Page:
Gwen Ferber has been the councillor Volunteers and Tourism in Cómpeta since 2015. She and her late husband, Tom, first visited the town in the summer of 1993 when they spent the six weeks' school holiday there.
As school teachers in the north of England, Gwen says that they would make the most of their holidays and travel as much as possible. Tom had found the house advertised for rental in the Sunday newspaper in England and at that time he was studying Spanish at night school in England. His teacher was from Malaga, so when he reserved the house for the summer he proudly told his teacher he was going to Cómpeta. "She asked for how long and when he said six weeks she nearly collapsed! She said for her a day in the village was enough as she was a city person," reflects Gwen.
On one of the couple's first visits to a small bar near the plaza, when they asked for the bill the barman pointed out an elderly man at the end of the bar who had paid it. "When we asked why he said because he had wanted to and we the spent the next few weeks trying to buy him drinks back but it was impossible," Gwen remembers.
The draw of Cómpeta
Although Gwen and Tom were keen travellers, Gwen says that there was something about Cómpeta that kept drawing them back, and Tom in particular knew that it was where he wanted to retire.
He loved "all things Spanish", says Gwen. When the opportunity to take early retirement came up, Tom said to Gwen that he was going to live in Spain. "You can keep on working in England and come out for holidays Tom told me, but I said 'no way - if you go I go'."
They bought a small village house and moved to Cómpeta permanently in 2003, driving across Europe in a transit van along with their pet parrots. Gwen says of the decision that at the beginning it was "hard for me as I had always been financially independent with my own job, house and car, so giving all that up really went against my way of thinking". "The things we do for love!" she adds.
Tom and Gwen quickly settled into the pace of life in Cómpeta and started to meet people as well as joining the various groups, including the pastoral singing group. They helped with Spanish and English lessons in the village and also got involved in local politics. The couple had not been political in the UK so when in 2005 Tom was elected as councillor for Tourism and Foreign Residents, it was the beginning of a new type of adventure for the pair.
Gwen says the first thing she said to Tom was, "That's another fine mess you've got us into," yet she assisted him with this work every day. Together they created the "Volunteers" a group of people from various countries willing to help promote tourism in Cómpeta.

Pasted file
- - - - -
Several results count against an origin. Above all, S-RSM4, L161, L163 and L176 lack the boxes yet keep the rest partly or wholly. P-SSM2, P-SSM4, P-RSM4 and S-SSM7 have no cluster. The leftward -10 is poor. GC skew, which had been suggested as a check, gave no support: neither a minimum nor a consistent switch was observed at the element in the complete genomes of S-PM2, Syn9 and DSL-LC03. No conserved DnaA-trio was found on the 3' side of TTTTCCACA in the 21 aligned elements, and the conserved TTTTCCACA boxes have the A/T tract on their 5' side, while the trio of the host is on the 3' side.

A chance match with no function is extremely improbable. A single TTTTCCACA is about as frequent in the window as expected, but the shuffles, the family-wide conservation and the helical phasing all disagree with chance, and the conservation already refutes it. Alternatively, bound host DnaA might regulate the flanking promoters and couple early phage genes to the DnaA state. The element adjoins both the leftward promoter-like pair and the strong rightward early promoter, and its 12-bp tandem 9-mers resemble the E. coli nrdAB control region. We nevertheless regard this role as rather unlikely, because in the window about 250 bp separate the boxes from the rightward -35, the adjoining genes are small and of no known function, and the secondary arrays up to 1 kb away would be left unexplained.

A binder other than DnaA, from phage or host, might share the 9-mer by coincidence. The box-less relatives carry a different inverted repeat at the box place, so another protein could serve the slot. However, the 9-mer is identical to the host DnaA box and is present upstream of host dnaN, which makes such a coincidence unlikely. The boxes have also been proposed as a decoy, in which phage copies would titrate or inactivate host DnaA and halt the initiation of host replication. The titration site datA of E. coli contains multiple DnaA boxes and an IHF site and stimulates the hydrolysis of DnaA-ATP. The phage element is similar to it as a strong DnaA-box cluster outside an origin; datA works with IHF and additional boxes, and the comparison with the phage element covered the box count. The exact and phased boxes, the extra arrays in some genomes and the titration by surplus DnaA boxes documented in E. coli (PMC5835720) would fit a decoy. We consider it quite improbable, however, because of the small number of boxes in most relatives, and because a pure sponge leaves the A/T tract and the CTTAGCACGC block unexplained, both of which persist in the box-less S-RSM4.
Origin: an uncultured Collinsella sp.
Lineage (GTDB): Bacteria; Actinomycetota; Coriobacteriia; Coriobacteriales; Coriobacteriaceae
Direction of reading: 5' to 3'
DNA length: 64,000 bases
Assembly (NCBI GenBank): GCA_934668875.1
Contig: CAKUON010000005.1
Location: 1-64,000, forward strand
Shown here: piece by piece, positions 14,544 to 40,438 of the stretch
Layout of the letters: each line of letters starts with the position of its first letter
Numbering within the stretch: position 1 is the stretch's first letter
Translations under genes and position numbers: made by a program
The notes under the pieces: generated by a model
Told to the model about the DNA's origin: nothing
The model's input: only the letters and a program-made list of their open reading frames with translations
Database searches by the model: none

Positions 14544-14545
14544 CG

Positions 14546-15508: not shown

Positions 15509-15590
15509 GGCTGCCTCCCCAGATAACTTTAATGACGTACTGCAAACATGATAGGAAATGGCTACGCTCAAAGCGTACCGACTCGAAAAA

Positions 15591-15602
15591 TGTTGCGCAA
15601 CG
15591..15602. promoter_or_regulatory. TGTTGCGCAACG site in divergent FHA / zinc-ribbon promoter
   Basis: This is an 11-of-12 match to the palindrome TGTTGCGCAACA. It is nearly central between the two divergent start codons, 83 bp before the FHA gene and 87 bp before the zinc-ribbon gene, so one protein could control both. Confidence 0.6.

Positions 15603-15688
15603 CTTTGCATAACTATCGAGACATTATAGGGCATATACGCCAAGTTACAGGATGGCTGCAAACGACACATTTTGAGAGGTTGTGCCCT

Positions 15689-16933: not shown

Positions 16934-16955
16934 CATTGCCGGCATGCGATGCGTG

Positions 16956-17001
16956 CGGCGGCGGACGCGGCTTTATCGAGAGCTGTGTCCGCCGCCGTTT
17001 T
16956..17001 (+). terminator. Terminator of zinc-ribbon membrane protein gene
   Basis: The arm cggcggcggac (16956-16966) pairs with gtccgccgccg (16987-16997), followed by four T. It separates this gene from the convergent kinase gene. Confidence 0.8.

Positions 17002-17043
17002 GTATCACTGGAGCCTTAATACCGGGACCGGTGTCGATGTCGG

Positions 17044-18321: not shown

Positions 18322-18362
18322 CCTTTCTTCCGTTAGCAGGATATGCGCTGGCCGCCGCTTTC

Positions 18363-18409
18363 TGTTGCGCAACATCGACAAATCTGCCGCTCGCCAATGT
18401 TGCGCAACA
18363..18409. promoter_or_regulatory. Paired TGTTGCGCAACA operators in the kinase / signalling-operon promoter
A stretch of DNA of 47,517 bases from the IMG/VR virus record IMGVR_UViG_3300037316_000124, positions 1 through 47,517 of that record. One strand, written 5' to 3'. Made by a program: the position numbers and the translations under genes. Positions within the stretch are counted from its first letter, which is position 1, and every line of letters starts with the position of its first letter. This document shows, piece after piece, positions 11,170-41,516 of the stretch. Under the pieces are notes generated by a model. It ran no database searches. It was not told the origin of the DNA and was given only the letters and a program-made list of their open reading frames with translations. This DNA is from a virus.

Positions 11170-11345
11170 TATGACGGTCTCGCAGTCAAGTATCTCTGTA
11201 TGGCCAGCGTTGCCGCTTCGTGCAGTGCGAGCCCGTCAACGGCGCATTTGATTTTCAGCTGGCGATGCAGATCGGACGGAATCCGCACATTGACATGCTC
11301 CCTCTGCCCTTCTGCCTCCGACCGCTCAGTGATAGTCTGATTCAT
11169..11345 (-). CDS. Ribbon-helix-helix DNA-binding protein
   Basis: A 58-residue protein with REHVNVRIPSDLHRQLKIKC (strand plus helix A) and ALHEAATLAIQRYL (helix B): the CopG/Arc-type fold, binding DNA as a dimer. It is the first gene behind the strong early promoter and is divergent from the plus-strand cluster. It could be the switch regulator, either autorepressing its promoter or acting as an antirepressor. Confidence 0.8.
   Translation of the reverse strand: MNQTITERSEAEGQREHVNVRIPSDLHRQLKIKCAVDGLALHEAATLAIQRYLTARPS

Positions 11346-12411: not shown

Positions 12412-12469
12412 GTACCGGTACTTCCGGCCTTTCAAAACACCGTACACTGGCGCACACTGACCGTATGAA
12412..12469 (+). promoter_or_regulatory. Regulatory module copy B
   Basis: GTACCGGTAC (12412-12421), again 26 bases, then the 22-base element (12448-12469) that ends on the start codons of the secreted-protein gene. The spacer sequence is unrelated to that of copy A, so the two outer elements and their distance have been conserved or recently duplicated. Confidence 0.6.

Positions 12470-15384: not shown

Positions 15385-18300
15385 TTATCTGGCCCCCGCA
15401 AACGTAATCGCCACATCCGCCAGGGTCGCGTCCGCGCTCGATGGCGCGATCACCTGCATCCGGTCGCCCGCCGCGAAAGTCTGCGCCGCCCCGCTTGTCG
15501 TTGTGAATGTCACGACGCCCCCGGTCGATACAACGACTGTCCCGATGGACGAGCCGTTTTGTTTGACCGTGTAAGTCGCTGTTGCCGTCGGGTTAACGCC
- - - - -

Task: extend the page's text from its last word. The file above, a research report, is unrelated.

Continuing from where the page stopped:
This group continues today helping at the tourist office and museum on Sundays. They prepare walking routes and new materials as well as translating this information into various languages, helping the police and providing vital support at events like the "Noche del Vino" in August.
Tom was diagnosed with cancer in 2008 and after four years of treatment lost the fight and died in 2012. Gwen says that despite his illness, his philosophy on life was to "keep yourself busy", so he carried on with his role as councillor and Gwen continued to help him.
"I received incredible support and help from local people, including the mayor and team of councilors. Without them I do not know what I would have done," says Gwen but adds that the idea of returning to the UK, "has never entered my head".
Instead Gwen, who will celebrating her 60th birthday later this year, has followed in her husband's footsteps; she continued working with the volunteers and her name had remained on the election list, so in 2015 when the former mayor, José Luis Torres, stepped down and a series of changes took place, Gwen found herself with a seat on the council. She is now the councillor for Tourism and Volunteers and as such is still responsible for the group that she and Tom set up in 2005.
"I have taken a leaf out of my husband's book, I keep busy. I try to treat people as I myself would wish to be treated, trying to pay back the debt of support and kindness that I was once on the receiving end of."
However, for her perhaps more than many, Brexit is potentially about to be a major stumbling block; as a European Union citizen, Gwen is able to pursue her role as councillor, but as the law stands, she would not be able to continue to do so as someone from a non-EU country.
"By the next local elections, the UK may have left the EU and I would have to stand down. I wouldn't have stood again but now I don't know whether I will be able to," she rues.
Gwen adds that there are Brits living in Cómpeta who have already made the decision to go back to the UK. Approximately half of the population of Cómpeta is foreign and half of the foreigners are Brits. "The local economy relies on the foreign residents and visitors," says Gwen. "If they left a lot of the bars and restaurants would have to close."
The councillor advises people not to take any rash decisions as the final outcome for Brits abroad may not be as bad as some think; but, as she says, "we just don't know."
Gwen clearly enjoys the work she does and is immensely proud of her adopted village, the people who live there, both Spanish and foreign, and still has no plans leave.
"I get an enormous sense of satisfaction when I know I have been able to help someone," she says. "Here no one is alone unless they want to be! There is a good community spirit and an international mix."